There was a time when I was chronically behind on printing my personal photos.
There were months upon months of my children’s lives that were documented on the computer but were nowhere to be seen in print.
I had many good intentions to create a photo book of each year, but somehow they never materialized. I would get overwhelmed comparing books and book templates and reading reviews, and was left paralyzed with indecision. Meanwhile, I was still photographing my children and our lives and the images kept piling up on my hard drive.
After the birth of my second child, I decided that I had to start printing my photos from that moment on, and that my system had to be simple and easy. I wanted something with more visual impact than 4×6 sized prints, but I saw the appeal of slip in pocket albums and the longevity of real photo paper over a press album.
That lead me to find this photo album that holds 5×7 prints. 5x7s are a nice size for visual impact, and the expense of them forces me to be a little more choosey on what makes the cut for printing.
I would not be able to stay organized and on top of my printing without Lightroom. I’m able to keyword my images upon import, and quickly edit them, crop for printing, and export. Most professional photo labs have an option to order proofs. Proofs come in various sizes, and there are certain guidelines that you must follow to prepare your image file as a proof. The trade off for cropping to the proper size and resizing to a set dimension is that the print is much cheaper than ordering a standard print. It would be a huge pain to have to select the appropriate resizing dimensions indicated by my lab each time I selected an image to print, but Lightroom makes this easy for me with the use of an export preset. In Lightroom, go to File > Export. Select the export settings desired by your lab, and then select User Presets at the far left and at the bottom of the dialog box select the Add button. You will be able to name your preset and save it, and from that point forward when you go to File > Export, you’ll be able to select your saved preset when you are ready to export and prepare your file for printing.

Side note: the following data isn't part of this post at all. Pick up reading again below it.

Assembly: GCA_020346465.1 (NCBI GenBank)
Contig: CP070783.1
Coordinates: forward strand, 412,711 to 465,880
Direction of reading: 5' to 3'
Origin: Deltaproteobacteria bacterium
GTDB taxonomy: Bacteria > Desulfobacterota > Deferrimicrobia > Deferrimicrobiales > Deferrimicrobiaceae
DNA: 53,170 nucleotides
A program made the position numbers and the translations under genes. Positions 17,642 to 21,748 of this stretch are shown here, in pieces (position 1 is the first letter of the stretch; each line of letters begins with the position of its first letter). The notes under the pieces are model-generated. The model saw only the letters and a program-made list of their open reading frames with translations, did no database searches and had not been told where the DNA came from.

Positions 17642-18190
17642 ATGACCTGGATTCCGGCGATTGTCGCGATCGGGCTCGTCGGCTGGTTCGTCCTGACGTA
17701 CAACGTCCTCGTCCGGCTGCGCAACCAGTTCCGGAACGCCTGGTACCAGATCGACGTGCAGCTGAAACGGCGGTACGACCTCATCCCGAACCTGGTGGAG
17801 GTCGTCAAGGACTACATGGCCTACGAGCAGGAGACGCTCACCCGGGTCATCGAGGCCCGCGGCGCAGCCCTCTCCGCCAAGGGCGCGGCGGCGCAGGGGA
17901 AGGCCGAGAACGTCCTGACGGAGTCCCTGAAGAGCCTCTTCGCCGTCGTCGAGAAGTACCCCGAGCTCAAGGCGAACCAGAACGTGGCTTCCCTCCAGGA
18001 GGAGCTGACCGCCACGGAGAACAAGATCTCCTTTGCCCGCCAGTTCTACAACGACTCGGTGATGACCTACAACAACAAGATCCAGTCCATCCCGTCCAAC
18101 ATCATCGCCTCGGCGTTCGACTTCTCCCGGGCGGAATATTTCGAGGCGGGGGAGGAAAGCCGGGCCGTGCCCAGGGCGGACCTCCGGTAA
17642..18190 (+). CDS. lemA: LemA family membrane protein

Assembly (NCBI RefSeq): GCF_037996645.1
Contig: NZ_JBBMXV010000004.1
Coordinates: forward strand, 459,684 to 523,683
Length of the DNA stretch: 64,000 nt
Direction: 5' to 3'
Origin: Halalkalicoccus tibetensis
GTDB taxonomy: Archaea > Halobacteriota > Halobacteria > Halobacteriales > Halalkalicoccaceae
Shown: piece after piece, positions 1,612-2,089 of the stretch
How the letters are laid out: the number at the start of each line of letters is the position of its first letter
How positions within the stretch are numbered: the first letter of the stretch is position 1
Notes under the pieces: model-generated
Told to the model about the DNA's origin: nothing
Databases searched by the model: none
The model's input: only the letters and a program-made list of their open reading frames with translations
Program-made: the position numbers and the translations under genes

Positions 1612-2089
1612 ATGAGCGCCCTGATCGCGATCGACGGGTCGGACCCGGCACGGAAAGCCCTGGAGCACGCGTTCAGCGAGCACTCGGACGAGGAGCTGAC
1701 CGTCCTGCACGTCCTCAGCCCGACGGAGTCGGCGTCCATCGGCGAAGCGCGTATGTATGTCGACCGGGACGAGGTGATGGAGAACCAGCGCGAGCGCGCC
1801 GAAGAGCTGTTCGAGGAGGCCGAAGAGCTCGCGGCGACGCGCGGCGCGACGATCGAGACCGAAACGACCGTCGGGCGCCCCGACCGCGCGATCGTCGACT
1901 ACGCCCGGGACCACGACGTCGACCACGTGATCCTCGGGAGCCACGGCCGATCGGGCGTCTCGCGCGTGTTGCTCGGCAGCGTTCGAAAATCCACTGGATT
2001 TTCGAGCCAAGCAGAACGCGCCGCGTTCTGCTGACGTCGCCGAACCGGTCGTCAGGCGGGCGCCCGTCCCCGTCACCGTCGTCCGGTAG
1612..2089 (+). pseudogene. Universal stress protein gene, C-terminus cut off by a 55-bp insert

Here are a few tips that I’ve learned from keeping up with my prints over the last few years:
1. Export for print right away.
Try to export your photos for print at the same time you sit down to edit your images, when they are fresh on your mind and you are eager to go through them. It’s hard to make yourself go back to older images after you have new material to upload and work on.
2. Make a list to print.
If you get behind, do make a list of important events that you want to go back to and print. It makes it less overwhelming and you can print a few events or occasions at a time and feel a sense of accomplishment. If you use Lightroom, I would encourage you to come up with your own system for marking photos that you want to print. Perhaps by using a 5 star rating, a color code, or just keywording with print. You can then create a smart collection within the Library module of Lightroom (left-hand column, towards the bottom under Collections) and set up a rule such as one that will filter all of your red coded images.
3. Write down some thoughts.
My albums have a few lines next to each print where I can write down the location of an image, the names of the people in it, or just a few memories from that image. It’s helpful down the road when you flip through an older album.
4. Don’t forget your cell phone pictures!
I’ve printed with a variety of different companies and my favorite product is ProDPI’s Mini Snapshot prints. They look like little Polaroids and I love that they are printed on photographic paper (again, for archival purposes.) They are a nice size too, being 4″ on the long side allows me to slip them into 4×6 album sleeves.
5. Go ahead and start printing from this day forward.
You can always go back and work on catching up later. I’ve found that this is less daunting than trying to go back to a preset point and starting at the beginning. It is so enjoyable to go back through your albums and see your photos from the last few years.
I hope these tips inspire you to start printing your photographs!